The Andromeda Strain (2008)
I always cringe when I hear the phrase re-imagining. It's yet another contrived expression created by marketing bodies to justify the somewhat arbitrary process of remaking an established title. Often the re-imagined product has little to do with the source material and was chosen simply because of brand awareness. If you want a textbook example of a recent example of this somewhat cynical process then look no further than last year’s Death Wish reboot. It had nothing new to say on the subject and simply trotted out a generic and bland revenge thriller. So, when I discovered that Robert Wise's classic science fiction film, The Andromeda Strain had been remade as a TV miniseries (that had completely passed me by), I had great reservations as to whether this would be worth watching. However, the involvement of Tony and Ridley Scott piqued my interest, so I decided to take a calculated risk and give this 2008 A&E Network production a go.
This new version stays fairly true to basic premise of Michael Crichton’s novel, with a satellite returning to earth bringing with it a mystery virus of possible extraterrestrial origin. The small town of Piedmont soon falls victim to the contagion, leaving only two survivors, an alcoholic and a baby. The "wildfire" team of scientists are brought in by the government to tackle the outbreak and find a potential cure. There work is hampered by the virus’s ability to mutate to find new ways of spreading. The writer, Robert Schenkkan, has also added new elements that reflect contemporary culture and politics. The question of the virus' origin is intriguing and of course there are factions within the government who are not to be trusted. There is also a journalist seeking to expose the ongoing conspiracies. It is all somewhat generic but it is not a lazy as it sounds. Due to the credentials of those involved in the production, it offers a little more tension and drama than one expects from such miniseries.
The cast is robust, featuring Benjamin Bratt (Law & Order, Love in a time of Cholera), Rick Schroder (24, NYPD Blue), Eric McCormack (Will &Grace), Daniel Dae Kim (Lost) and Andre Braugher (City of Angels). Performances are okay given the inevitable formula of the vehicle. There are a lot more characters in this adaptation, given the need to expand the story over two episodes. Hence there are times when cast members come and go simply to facilitate moving the story forward. Production values are adequate with the confines of the budget, with creative set designs and interesting use of locations. The action is quite hard for a television miniseries, though some of these scenes do seem a little tonally out of place. Perhaps the director Mikael Salomon (who has been involved with several miniseries such as Rome, Salem’s Lot and Band of Brothers) feared making an excessively narrative driven drama, like the original feature film, so felt obliged to overstate certain plot elements to keep the interest of easily bored viewers. Admittedly by the end, there is a decline into cliché and several events that were obviously telegraphed earlier in the proceedings inevitably occur.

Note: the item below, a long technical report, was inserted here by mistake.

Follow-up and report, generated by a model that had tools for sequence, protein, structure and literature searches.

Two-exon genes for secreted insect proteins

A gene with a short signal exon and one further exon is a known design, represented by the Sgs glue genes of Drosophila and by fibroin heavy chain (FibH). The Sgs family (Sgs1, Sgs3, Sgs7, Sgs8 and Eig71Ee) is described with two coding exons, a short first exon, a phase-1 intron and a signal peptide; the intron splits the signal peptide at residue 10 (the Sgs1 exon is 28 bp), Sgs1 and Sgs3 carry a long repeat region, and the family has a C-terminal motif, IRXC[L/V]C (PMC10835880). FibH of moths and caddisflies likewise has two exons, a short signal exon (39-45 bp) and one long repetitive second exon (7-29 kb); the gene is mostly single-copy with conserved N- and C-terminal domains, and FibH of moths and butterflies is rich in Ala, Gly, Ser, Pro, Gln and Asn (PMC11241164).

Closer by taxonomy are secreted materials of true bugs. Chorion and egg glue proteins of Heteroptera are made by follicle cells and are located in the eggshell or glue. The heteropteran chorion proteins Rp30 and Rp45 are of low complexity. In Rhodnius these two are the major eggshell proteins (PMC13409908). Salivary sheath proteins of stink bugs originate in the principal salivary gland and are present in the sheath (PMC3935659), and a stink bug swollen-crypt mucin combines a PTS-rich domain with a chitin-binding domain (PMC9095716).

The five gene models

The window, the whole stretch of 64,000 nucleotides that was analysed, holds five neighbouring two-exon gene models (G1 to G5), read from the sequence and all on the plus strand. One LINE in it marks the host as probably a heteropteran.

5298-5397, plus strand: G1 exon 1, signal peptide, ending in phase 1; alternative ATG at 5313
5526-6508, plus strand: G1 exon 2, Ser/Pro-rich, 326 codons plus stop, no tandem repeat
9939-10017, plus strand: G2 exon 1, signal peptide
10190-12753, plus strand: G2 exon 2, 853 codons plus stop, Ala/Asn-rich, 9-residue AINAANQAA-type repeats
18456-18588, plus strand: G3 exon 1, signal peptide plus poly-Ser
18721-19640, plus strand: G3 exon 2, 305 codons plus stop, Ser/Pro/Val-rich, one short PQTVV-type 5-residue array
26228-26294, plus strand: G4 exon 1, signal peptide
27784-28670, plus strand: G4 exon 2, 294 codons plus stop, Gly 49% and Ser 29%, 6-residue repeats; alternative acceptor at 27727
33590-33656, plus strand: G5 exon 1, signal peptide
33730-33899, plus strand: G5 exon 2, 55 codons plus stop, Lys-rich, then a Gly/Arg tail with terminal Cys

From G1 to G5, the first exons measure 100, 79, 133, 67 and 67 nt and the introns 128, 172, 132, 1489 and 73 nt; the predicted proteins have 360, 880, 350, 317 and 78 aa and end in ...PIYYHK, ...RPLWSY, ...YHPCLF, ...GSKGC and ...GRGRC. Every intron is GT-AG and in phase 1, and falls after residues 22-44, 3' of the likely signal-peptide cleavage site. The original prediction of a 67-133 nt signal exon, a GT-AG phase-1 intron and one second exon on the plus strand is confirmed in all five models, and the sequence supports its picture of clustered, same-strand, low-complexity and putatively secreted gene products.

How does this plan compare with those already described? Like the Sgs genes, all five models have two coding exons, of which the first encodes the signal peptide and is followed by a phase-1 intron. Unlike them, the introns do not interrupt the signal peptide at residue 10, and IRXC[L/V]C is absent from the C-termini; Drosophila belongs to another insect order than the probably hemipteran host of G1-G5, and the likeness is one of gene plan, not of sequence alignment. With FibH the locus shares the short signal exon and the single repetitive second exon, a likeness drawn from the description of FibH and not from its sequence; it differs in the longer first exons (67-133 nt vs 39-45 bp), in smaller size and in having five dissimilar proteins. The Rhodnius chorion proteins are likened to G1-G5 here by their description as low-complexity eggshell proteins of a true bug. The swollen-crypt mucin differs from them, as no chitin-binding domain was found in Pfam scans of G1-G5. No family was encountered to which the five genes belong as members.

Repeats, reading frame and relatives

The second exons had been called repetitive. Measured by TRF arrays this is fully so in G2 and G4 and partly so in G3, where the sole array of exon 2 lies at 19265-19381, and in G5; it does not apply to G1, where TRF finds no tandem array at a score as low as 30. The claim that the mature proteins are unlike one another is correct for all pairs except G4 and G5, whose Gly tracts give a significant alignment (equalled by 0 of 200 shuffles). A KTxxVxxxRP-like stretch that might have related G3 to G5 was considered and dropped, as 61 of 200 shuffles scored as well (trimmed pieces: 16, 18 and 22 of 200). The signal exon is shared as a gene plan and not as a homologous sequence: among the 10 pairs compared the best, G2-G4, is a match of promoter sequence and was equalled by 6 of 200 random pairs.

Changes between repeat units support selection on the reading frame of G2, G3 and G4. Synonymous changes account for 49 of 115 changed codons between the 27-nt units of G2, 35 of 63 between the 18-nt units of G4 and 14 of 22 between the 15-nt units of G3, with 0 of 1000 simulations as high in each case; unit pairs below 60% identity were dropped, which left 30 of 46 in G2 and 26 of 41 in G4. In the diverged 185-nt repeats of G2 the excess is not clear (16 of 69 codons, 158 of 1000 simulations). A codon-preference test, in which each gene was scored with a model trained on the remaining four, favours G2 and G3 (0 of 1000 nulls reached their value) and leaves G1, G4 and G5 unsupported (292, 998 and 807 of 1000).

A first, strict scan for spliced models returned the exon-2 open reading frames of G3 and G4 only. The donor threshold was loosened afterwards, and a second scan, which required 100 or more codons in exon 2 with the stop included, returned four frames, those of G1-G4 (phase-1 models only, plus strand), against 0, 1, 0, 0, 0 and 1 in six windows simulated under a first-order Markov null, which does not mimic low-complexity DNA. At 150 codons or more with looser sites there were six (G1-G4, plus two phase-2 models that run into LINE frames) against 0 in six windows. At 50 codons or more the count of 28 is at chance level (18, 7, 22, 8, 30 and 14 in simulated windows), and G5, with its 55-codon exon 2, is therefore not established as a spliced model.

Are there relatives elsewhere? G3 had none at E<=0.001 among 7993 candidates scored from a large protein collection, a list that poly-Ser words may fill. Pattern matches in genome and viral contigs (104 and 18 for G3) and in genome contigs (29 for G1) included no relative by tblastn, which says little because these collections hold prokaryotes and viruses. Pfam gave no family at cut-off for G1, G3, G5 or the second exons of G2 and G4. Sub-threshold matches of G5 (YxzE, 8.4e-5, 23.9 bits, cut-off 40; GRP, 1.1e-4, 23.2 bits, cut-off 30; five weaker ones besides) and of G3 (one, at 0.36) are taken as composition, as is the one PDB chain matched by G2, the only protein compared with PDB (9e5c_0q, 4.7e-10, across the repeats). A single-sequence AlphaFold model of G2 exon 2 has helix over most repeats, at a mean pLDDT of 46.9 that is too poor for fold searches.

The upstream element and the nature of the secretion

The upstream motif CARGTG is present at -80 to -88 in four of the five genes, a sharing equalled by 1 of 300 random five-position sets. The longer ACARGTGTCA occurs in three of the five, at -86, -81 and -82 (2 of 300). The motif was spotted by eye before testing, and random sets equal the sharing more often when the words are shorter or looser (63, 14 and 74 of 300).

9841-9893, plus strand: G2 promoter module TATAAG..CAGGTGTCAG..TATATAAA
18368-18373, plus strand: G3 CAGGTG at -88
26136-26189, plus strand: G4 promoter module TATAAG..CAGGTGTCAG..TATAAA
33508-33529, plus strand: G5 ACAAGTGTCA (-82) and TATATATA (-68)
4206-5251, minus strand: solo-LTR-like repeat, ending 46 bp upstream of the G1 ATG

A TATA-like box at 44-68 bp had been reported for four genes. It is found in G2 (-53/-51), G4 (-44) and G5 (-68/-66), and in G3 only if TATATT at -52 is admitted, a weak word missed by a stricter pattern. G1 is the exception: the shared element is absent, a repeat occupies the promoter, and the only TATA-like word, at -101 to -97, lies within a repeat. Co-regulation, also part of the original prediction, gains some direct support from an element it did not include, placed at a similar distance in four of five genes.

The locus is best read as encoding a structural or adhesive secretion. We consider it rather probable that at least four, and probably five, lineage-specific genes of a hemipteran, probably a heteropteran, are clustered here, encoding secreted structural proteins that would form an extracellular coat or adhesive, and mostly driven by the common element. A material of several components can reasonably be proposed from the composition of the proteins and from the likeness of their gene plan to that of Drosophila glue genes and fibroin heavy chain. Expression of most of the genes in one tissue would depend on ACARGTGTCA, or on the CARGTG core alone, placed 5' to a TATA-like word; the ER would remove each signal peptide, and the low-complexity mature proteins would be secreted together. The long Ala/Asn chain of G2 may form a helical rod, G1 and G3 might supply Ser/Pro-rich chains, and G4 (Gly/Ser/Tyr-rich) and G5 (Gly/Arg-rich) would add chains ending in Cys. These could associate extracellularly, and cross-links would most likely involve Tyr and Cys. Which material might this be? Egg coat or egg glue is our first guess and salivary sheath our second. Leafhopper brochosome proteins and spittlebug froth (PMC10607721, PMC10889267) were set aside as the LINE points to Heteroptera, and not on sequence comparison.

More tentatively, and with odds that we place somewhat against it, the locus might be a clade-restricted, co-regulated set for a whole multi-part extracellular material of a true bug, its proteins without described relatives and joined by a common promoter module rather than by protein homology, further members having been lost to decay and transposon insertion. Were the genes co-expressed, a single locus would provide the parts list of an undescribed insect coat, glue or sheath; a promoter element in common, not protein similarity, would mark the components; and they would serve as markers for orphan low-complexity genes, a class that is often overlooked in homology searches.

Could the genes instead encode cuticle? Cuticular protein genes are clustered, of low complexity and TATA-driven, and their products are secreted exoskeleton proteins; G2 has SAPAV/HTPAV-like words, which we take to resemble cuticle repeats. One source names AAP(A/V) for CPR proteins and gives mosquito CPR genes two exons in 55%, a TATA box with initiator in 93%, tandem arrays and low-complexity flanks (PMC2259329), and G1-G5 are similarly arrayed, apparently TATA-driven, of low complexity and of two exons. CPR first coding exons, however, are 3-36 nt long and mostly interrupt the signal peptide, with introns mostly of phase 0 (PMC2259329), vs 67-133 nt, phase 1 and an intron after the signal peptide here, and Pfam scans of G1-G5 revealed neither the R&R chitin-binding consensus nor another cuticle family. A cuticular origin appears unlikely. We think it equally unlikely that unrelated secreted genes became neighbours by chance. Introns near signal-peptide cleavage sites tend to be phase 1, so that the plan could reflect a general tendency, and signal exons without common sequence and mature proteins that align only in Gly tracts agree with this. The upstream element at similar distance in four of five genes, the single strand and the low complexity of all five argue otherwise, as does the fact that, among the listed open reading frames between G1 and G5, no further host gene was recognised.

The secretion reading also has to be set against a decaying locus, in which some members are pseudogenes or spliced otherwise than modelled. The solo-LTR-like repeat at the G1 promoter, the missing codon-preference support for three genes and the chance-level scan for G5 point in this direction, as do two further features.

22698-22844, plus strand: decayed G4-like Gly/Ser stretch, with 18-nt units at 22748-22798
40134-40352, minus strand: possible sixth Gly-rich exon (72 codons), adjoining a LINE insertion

Those who have seen the 1970 feature film may well see this new version as somewhat intellectually diluted. Personally, I think one has to bear in mind historical context. The seventies were a time when the cinematic audience was more sophisticated and willing to invest in stories that made them think for themselves. The new version simply reflects what “sells” with today’s viewers and although there is more focus upon action, this adaptation still tries to keep the underlying science of story front and centre. All things considered The Andromeda Strain is better than expected. Given the nature of the system that made it, this actually exceeded my expectations, which I must admit were initially very low. It offers a different perspective on the source material and doesn’t outstay its welcome. Its two-part format is an appropriate length and is able to sustain the story. As ever with such productions some of the CGI is a little cheap and I’m not a fan of blood spatter added in post-production. Overall this is adequate entertainment. If you want something weightier then by all means watch the original, but this version fills a niche.